I wish I knew more about David McCullough’s high school (and James McPherson’s and David Hackett Fischer’s and Ron Chernow’s). Were they limited to writing short piece about themselves in high school, as most of our students are now? Or were they asked to do book reports back in their day? I fear the book report may have died the death. I know David McCullough was an English major at Yale and he was influenced by Thornton Wilder, I believe. But when he got out, for some reason (and lucky for us) he got interested in writing history, which I feel sure he never did in school or college.

4) Now, do you think there is a relationship between the material the students read and their ability to write?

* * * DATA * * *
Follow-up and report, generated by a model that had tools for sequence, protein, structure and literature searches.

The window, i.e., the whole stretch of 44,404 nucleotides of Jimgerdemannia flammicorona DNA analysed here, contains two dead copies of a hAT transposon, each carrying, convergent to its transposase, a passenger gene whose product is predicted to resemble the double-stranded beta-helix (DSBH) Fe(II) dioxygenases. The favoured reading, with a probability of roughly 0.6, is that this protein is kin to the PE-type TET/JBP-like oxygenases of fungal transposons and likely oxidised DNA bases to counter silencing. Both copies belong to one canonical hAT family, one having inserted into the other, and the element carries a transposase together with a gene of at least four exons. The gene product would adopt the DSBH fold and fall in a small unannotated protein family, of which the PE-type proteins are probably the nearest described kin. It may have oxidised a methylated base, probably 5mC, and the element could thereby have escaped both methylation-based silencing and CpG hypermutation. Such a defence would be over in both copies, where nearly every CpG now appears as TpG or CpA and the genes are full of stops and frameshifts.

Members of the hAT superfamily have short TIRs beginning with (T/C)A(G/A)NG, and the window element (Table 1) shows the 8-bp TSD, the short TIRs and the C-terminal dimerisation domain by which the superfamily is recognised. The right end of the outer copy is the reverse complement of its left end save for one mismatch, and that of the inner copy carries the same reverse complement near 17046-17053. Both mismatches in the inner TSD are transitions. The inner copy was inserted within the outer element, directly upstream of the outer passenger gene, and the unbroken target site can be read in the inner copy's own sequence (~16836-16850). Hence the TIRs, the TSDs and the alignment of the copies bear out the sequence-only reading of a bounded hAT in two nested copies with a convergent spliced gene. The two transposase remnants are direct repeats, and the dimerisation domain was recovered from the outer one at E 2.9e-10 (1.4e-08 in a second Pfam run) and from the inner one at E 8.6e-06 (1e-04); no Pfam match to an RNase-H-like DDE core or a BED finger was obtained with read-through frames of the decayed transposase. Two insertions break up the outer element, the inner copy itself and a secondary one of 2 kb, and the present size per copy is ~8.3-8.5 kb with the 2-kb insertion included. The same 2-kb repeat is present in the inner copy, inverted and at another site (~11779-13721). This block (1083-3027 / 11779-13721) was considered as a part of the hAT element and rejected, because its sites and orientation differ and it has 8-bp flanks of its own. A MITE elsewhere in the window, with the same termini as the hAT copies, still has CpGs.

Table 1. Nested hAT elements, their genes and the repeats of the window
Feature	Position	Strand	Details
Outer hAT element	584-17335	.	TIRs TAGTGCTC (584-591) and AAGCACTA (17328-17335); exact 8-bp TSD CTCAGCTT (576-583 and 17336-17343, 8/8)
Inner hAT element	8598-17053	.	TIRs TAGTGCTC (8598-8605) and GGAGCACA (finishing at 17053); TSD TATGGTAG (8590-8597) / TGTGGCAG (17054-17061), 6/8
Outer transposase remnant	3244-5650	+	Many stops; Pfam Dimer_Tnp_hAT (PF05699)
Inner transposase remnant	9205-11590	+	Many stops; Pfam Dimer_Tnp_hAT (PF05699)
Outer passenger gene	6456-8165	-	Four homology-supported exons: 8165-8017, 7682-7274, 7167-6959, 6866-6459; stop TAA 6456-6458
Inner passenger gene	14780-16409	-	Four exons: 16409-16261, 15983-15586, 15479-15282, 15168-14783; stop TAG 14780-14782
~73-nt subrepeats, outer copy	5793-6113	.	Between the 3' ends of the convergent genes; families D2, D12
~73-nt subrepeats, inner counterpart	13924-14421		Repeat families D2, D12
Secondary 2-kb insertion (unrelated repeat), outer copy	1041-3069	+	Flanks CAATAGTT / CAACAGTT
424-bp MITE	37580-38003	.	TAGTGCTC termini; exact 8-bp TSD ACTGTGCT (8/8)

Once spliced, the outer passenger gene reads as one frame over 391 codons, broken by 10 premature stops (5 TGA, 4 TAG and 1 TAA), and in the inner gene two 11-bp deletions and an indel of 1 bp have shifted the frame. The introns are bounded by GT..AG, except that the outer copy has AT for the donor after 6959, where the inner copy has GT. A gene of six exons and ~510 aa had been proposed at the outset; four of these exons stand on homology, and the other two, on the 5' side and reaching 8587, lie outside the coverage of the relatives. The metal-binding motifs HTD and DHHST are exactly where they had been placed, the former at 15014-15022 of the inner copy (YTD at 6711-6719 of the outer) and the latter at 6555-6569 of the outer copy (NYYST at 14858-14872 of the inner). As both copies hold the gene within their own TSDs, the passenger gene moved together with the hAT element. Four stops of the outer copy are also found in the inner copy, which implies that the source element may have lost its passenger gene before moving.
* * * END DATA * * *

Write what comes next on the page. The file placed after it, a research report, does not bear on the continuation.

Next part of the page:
As you know, Samuel Johnson said: “A man will turn over half a library to produce one book.” I have recently sent a tweet saying that “Some now think there may be a connection between reading a lot and writing well…Next they will invent the wheel (again).” It just seems obvious to me from the report of every serious writer that good  writing depends heavily on lots and lots of reading. When we limit the reading our students do to badly-written textbooks and a few excerpts, we do a lot of damage to their prospects as writers. The main writing students will have to do in college and at work is not poetry or a memoir or a novel, and so, while I also love the work and genius of Jane Austen and William Shakespeare, I think we should do our students the favor of asking them to read a complete history book and write one serious history paper now and then.